If you are thinking about altering your commercial building or wanting to extend or change the use of your building, there are a few key things that you need to know first.
What to do before you apply for a commercial building permit?
Generally, if you want to carry out external alterations to your building, you will need to seek the advice of the local council Town Planning Department. It is likely that any external alterations to your building will need a Town Planning permit.
The Town Planning permit will contain a set of conditions you’ll need to meet upon completion of your development. A good architect or draftperson is essential for putting your ideas on paper and to present to the Town Planning Department and ultimately, to your building surveyor for approval.
When do I need to get a commercial building permit?
Almost all alterations or additions to a commercial building will need a building permit. The building permit ensures that a design meets all building code requirements, including the National Construction Code Building Code of Australia, relevant Australian Standards, the Building Act 1993 and the Building Regulations 2018.
The building permit will nominate all the mandatory inspections that need to be performed by a building inspector in the correct class, depending on the type of commercial building in question.
You’ll need to obtain a building permit for your commercial building if you are:
- Changing the use of the building: For example, you might want to change the use of the building from a warehouse into a shop that’s open to the public, or incorporate a different use, such as a café to the building.
- Extending or altering any part of the building: For example, if you’re proposing to increase the size of the building or alter the internal layout of the building, that in turn impacts on the essential safety measures (exit paths, illuminated exit signs, emergency lighting etc), of the building, you will need to obtain a building permit.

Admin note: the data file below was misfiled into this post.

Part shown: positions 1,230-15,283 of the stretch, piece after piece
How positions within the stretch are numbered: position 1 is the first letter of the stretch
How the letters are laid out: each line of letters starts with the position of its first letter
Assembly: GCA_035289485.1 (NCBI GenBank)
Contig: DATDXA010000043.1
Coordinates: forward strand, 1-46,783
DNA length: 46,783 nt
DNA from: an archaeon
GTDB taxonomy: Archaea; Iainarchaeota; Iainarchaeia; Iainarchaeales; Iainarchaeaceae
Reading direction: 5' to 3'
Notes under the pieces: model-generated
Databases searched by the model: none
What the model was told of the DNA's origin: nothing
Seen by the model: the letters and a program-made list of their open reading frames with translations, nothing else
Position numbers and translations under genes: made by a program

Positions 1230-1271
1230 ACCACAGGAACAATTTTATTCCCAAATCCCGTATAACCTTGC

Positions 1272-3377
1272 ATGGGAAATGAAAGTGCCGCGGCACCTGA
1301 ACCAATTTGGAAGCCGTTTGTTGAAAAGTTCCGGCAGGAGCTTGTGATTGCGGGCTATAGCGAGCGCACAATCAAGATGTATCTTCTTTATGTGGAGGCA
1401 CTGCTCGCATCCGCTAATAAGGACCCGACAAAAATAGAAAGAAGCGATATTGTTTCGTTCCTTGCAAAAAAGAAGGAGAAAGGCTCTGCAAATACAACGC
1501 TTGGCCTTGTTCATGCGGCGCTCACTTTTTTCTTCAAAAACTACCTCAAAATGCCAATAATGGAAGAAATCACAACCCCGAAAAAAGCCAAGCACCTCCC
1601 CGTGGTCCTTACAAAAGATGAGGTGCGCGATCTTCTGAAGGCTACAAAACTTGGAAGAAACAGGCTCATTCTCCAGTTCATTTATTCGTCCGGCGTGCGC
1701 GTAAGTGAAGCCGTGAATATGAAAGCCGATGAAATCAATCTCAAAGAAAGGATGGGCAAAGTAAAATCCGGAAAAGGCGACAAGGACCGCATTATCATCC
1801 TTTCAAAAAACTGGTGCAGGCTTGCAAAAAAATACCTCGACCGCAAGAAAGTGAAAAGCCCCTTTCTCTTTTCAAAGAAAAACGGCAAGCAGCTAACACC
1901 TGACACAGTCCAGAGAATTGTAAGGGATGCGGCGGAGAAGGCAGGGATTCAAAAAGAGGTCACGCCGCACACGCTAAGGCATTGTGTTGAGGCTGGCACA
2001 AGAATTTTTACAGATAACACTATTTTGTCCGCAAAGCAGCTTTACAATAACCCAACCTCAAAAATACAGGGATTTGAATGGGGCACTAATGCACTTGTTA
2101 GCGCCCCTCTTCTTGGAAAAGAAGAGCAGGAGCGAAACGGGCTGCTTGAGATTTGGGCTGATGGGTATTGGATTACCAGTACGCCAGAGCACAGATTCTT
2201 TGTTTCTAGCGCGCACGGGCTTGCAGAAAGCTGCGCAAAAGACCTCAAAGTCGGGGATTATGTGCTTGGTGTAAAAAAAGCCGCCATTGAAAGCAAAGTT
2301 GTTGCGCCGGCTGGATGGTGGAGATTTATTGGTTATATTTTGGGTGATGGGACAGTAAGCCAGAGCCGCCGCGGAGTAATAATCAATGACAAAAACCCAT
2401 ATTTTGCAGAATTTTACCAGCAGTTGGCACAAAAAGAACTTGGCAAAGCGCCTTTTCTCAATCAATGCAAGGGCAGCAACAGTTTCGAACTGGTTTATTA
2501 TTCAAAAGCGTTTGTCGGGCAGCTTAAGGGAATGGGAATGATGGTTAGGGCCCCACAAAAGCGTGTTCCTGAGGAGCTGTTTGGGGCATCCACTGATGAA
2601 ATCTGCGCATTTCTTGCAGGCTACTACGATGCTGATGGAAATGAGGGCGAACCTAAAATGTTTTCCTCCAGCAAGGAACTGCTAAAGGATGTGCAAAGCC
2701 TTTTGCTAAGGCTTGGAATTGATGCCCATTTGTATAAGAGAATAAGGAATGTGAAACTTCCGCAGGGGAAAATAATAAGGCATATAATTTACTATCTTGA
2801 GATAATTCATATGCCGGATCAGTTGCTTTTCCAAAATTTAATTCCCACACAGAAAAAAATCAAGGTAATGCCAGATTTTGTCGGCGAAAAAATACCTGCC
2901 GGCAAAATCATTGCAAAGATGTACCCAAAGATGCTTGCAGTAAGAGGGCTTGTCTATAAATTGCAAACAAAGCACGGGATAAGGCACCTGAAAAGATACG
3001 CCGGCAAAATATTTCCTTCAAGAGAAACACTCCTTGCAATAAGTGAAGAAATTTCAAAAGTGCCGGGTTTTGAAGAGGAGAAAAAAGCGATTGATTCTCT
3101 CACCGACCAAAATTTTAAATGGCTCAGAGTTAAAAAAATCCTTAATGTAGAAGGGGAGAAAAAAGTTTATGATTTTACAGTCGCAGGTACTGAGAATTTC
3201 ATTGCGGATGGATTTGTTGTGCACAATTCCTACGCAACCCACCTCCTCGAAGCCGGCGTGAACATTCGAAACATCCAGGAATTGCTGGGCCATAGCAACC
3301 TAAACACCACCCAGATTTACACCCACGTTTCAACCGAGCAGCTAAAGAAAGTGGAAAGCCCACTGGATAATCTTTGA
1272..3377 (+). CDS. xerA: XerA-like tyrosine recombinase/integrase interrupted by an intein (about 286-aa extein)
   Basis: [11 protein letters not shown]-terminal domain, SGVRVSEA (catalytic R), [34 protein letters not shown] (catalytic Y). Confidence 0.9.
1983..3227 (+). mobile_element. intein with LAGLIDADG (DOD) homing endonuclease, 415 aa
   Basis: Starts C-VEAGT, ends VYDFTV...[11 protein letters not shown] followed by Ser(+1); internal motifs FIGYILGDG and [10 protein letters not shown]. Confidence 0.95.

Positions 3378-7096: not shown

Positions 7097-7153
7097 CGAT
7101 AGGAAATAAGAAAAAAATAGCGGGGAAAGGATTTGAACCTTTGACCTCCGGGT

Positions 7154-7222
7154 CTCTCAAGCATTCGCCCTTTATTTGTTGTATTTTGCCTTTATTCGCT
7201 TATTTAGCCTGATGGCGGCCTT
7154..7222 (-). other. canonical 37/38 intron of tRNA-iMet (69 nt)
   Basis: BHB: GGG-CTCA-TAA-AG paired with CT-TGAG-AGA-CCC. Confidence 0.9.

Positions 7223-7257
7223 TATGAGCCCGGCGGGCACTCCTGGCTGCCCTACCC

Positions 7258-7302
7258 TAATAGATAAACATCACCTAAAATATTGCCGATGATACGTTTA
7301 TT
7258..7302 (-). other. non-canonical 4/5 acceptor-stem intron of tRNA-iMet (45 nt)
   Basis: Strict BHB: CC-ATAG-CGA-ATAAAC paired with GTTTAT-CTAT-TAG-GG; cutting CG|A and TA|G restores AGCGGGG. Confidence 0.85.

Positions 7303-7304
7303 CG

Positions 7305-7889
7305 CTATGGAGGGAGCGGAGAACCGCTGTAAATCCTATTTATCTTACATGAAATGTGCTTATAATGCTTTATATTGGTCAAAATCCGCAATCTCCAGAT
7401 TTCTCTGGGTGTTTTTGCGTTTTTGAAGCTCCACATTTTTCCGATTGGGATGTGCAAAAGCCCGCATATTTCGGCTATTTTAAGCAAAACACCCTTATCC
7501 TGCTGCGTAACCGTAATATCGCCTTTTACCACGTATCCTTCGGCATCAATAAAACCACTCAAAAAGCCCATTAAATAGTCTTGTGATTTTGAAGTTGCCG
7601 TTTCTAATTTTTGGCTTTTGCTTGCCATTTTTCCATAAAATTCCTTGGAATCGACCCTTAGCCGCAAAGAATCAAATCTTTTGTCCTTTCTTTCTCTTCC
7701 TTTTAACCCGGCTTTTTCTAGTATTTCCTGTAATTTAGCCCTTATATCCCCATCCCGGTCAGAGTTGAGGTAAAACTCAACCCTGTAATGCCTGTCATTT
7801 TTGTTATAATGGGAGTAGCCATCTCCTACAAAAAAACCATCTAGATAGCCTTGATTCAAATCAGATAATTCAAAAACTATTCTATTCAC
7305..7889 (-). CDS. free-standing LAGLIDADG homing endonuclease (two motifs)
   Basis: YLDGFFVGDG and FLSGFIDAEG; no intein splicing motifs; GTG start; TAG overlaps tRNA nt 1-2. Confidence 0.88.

- Installing a sign: A sign attached to a building will also require a building permit, the main concern of a structure that is attached to a building is that it is installed correctly and the fixing of the sign is properly designed by a structural engineer. The structural engineers design, forms part of the building permit.
- Demolishing your commercial building or part: It may sound obvious, but any demolition of a building or part, requires a building permit. In some areas, a Town Planning permit may also be required.
- Accessibility in your commercial building: Alterations that changes the circulation to, from and within a commercial building, requires a building permit. The Federal Government has enacted the Disability Discrimination Act which stipulates all building owners, (when carrying out works to their building), have to provide fair and equitable access for persons with a disability.
- Altering any essential safety measures of your building: A path of travel to an exit or a carpet lining or vinyl floor covering, among many others, are essential safety measures. If alterations are proposed to be made that effects or alters any essential safety measures, then a building permit must be obtained before construction commences.
Can I carry out alterations to my commercial premises without a permit?
In short, any proposed changes to a commercial building more than likely, will require a building permit, before the works can commence. Advice should be obtained from your relevant building surveyor, if you are proposing alterations to your building. Remember, it is an offense to carry out building works, without a building permit.